The online portal Diário Digital reported that the administration of Diário Económico informed employees of ‘‘the decision to suspend the newspaper’s print publication“ the day before it happened. Employees had gone on a 24-hour strike on 10 March demanding that their delayed salaries be paid. Two days earlier, the newspaper’s editorial board had resigned, the report adds.
Based in Lisbon, Diário Económico is the oldest daily newspaper on economic matters in Portugal, according to the Portuguese economic news publication OJE. Its media group also runs a TV channel (ETV), which administrators plan to try to maintain. The entrepreneur Jaime Antunes, former journalist and co-founder of Diário Económico, has ‘‘manifested himself… as available in case a group of investors decides to recover the print edition“, although no concrete plans are on the horizon, OJE also reports.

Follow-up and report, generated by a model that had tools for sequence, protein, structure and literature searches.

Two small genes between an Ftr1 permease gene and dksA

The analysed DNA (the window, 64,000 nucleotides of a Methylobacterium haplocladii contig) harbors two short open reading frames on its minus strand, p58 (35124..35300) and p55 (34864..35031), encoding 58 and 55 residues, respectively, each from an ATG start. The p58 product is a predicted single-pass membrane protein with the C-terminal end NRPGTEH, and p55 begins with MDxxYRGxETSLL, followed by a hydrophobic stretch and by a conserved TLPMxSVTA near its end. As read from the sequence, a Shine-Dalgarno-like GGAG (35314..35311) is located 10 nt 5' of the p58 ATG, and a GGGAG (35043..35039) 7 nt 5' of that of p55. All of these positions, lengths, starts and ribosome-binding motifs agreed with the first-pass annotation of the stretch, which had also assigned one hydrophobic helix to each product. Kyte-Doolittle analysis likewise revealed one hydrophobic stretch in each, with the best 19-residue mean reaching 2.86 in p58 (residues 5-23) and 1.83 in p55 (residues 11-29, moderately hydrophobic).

OJE quotes former Diário Económico director António Costa, writing in the newspaper’s last print edition, that it ‘‘does not end because of its journalists, it ends because the shareholder disappeared and did not let another one replace him in time“. Costa resigned from Diário Económico in March 2015.
The newspaper's holding group, Ongoing Strategy Investments, had been undergoing financial difficulties for months, reported the daily newspaper Público. With a circulation of 13.195 copies for the last two months of 2015, Diário Económico was actually the “leader in sales in Portugal's economic press‘‘, according to the same article.
The rate of daily press consumption in Portugal is lower than that of many European countries, according to the 2014 Eurobarometer report “Media Use in the European Union“.
In a phone interview with ECPMF, veteran Portuguese journalism commentator José Manuel Nobre Correia, who has been closely following the situation at Diário Económico, called Portugal‘s current press landscape ‘‘terrible‘‘. Circulation numbers are plummeting and there have been massive layoffs, he said.
As in other parts of Europe, the economic crisis has deeply affected Portugal‘s media industry. Along with Ireland, Greece, Spain and Cyprus, Portugal has been one of the EU countries hardest hit by crisis.